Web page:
Today I put a half-gallon of milk in the cupboard, stacking it alongside the mismatch of coffee mugs, some of which date back years.
Fortunately, I realized my mistake and returned the milk to its rightful place in the refrigerator minutes later. This is the sort of cockeyed thing I used to do when my children were toddlers, when exhaustion and stress (their Dad was dying) blotted the simplest tasks. Where is my water again? I’d say aloud, walking from the kitchen to the bathroom to the bedroom in our three-room apartment. The glass may well have been invisible because I walked by it more times than I care to share without ever seeing it.
It’s different today. Life feels robust and sweet, and for the most part, I live my days the way I choose (no small feat). Still, whenever I do something dumb like put the milk with the mugs, my inner siren warns me to stop and pay attention.
I suppose I was mentally multitasking, thinking about one thing (what it is now eludes me), while pouring my son a glass of milk. This is what we do as evolved creatures, right? It isn’t easy to distill the moments, and yet some days our brain can expertly maneuver sundry details while on others it just shuts down.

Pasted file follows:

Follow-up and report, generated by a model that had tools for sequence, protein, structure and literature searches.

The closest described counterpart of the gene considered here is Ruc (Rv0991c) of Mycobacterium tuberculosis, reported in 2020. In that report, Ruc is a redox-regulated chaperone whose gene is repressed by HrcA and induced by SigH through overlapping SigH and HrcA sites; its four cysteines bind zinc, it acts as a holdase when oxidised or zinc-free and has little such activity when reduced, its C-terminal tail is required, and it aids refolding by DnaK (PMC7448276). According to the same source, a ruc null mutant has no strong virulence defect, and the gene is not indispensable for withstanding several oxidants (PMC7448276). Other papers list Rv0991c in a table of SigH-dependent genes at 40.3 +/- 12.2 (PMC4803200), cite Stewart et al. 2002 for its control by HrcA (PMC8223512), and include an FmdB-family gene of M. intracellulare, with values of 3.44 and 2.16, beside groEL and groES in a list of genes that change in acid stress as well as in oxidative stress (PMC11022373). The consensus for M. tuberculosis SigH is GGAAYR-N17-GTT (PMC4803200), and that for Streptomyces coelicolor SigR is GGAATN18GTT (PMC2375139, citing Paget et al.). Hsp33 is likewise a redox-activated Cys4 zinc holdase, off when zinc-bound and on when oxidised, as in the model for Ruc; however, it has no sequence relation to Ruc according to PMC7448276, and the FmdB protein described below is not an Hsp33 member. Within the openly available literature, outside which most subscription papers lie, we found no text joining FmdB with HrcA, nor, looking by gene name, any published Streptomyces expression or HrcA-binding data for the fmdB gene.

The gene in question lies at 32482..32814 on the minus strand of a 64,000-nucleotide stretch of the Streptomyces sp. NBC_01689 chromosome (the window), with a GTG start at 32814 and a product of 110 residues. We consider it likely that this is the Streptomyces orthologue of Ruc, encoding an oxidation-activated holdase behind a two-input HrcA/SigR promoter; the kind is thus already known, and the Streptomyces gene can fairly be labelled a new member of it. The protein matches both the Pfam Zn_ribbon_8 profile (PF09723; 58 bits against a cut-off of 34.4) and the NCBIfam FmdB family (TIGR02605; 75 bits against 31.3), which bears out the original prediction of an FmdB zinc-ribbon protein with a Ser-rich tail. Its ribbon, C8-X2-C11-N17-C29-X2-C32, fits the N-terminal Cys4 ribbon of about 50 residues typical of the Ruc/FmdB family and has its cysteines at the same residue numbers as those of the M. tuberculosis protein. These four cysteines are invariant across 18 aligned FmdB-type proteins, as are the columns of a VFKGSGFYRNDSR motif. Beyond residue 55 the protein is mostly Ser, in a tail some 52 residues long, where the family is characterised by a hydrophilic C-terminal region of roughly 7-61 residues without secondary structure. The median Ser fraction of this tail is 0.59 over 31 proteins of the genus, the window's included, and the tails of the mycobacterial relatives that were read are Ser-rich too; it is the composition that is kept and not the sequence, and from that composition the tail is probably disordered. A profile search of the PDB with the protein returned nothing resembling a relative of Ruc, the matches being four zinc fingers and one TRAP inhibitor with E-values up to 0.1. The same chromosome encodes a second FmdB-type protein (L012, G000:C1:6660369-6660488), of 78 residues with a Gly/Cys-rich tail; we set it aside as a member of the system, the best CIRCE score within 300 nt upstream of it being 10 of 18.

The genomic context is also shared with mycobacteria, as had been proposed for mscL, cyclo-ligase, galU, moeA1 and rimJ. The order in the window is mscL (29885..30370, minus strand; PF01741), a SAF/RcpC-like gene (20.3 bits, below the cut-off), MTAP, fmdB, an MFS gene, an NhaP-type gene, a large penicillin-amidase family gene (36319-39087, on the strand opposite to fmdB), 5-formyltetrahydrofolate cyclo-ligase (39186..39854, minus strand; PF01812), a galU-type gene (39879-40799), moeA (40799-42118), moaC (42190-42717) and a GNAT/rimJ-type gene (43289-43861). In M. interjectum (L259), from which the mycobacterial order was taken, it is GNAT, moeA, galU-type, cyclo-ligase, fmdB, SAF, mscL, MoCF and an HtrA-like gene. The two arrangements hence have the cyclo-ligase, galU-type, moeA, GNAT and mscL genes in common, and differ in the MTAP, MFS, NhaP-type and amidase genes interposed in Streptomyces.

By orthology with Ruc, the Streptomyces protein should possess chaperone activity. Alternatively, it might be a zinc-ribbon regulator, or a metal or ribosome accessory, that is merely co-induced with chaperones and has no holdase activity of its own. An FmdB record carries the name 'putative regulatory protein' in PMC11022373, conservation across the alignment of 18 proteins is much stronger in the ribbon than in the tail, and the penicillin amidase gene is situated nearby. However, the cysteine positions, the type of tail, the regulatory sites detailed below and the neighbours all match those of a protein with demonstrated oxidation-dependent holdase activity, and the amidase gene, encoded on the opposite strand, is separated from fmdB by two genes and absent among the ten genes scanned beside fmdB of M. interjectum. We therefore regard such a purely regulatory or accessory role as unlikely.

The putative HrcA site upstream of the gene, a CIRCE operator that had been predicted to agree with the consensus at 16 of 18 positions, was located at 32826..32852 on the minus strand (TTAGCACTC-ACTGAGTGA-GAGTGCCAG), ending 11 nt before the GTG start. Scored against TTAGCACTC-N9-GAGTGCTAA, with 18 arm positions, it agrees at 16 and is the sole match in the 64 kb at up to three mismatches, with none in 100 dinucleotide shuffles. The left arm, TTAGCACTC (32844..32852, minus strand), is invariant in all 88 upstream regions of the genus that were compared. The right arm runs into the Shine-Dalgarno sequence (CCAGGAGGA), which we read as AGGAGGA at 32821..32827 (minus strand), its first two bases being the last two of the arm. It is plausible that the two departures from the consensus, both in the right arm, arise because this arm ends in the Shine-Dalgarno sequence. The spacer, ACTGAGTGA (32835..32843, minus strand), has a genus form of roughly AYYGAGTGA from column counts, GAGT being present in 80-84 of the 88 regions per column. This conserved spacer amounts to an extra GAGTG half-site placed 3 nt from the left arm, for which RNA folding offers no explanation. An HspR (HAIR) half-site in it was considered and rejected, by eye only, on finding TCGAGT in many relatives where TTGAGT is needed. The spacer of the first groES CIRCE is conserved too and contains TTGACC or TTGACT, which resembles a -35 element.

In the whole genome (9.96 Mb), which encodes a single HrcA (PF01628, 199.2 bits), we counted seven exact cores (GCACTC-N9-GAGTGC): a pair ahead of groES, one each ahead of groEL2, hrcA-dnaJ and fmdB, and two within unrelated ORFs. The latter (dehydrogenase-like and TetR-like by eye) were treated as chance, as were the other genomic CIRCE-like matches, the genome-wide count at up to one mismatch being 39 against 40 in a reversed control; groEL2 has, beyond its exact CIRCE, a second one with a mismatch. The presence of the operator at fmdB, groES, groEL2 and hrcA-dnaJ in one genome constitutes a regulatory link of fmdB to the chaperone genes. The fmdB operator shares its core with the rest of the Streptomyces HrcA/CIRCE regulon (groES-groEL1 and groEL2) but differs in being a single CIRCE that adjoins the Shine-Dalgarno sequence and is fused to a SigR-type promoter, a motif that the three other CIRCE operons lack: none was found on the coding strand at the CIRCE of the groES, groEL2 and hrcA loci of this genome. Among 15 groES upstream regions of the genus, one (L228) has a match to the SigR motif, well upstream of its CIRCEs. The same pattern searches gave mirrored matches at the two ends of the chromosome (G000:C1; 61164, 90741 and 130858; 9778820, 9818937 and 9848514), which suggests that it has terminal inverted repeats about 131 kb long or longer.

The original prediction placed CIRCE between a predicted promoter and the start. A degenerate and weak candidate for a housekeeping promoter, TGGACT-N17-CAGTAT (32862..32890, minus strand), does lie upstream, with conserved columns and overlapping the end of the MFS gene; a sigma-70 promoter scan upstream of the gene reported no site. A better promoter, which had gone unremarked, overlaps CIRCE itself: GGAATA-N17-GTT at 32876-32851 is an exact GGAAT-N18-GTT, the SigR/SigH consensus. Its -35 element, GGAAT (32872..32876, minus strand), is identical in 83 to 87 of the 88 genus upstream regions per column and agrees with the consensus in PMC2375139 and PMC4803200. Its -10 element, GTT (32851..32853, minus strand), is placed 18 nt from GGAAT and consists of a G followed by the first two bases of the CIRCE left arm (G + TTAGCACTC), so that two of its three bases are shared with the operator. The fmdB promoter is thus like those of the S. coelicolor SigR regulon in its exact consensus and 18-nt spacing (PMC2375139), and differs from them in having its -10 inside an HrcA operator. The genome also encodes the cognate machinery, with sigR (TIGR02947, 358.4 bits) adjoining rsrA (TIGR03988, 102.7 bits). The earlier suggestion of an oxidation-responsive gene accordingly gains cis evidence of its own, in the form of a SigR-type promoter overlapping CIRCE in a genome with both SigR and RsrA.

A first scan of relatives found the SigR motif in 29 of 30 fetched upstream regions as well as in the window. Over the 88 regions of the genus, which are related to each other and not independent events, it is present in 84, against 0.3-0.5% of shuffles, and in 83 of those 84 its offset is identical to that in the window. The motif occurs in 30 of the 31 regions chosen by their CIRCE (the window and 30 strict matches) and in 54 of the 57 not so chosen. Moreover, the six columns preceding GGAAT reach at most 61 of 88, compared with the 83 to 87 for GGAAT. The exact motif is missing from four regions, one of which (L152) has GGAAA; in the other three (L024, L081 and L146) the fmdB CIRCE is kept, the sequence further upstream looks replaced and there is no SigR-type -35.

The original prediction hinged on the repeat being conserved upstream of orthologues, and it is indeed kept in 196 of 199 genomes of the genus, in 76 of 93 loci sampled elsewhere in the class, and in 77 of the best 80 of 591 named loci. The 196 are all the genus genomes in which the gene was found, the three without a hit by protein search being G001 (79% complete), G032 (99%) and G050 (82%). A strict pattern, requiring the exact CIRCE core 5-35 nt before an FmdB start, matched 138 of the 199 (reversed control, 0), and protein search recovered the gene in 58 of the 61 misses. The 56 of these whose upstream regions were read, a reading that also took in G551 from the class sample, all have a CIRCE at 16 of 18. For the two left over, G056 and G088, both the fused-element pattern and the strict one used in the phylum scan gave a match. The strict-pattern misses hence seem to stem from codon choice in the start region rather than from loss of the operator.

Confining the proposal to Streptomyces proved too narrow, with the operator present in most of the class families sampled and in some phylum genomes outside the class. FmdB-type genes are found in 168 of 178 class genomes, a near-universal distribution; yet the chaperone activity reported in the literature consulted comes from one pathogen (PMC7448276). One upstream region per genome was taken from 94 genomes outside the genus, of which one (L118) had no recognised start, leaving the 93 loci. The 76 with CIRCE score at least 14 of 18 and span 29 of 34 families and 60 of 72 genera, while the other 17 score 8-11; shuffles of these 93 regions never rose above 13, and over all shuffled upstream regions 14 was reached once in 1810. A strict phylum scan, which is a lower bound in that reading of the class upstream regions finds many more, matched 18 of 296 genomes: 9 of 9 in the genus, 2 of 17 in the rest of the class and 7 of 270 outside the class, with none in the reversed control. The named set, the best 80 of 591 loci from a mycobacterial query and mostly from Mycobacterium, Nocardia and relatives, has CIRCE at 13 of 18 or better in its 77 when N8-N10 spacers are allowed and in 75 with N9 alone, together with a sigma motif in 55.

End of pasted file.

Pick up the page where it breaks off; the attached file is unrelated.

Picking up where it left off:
The fact that I mixed the milk with the mugs is proof enough that I need to pare my activities, which for me, means retreating from some of the work pressures I’ve been feeling. After being hunched over my computer for what has felt like days and nights on end, today I said the heck with it and went to rake leaves. It was a balmy fall day; I needed fresh air and some vigorous exercise.
I got that and more. Because raking leaves is like mindful meditation: before I knew it, I lost myself in the monotony of the job, the way the rake pulls leaves all shades of copper, amber, gold and red into loose piles, crunchy like corn flakes. Then, dustpan in hand, I knelt into the leaf beds, scooping morsels of color into one, two, three, four garbage-size bags. As the sun lit me from behind and Bruce Springsteen crooned on my Ipod, it struck me that for the first time this fall I was actually seeing and breathing autumn.
“Drink your tea slowly and reverently, as if it is the axis on which the world earth revolves – slowly, evenly, without rushing toward the future.”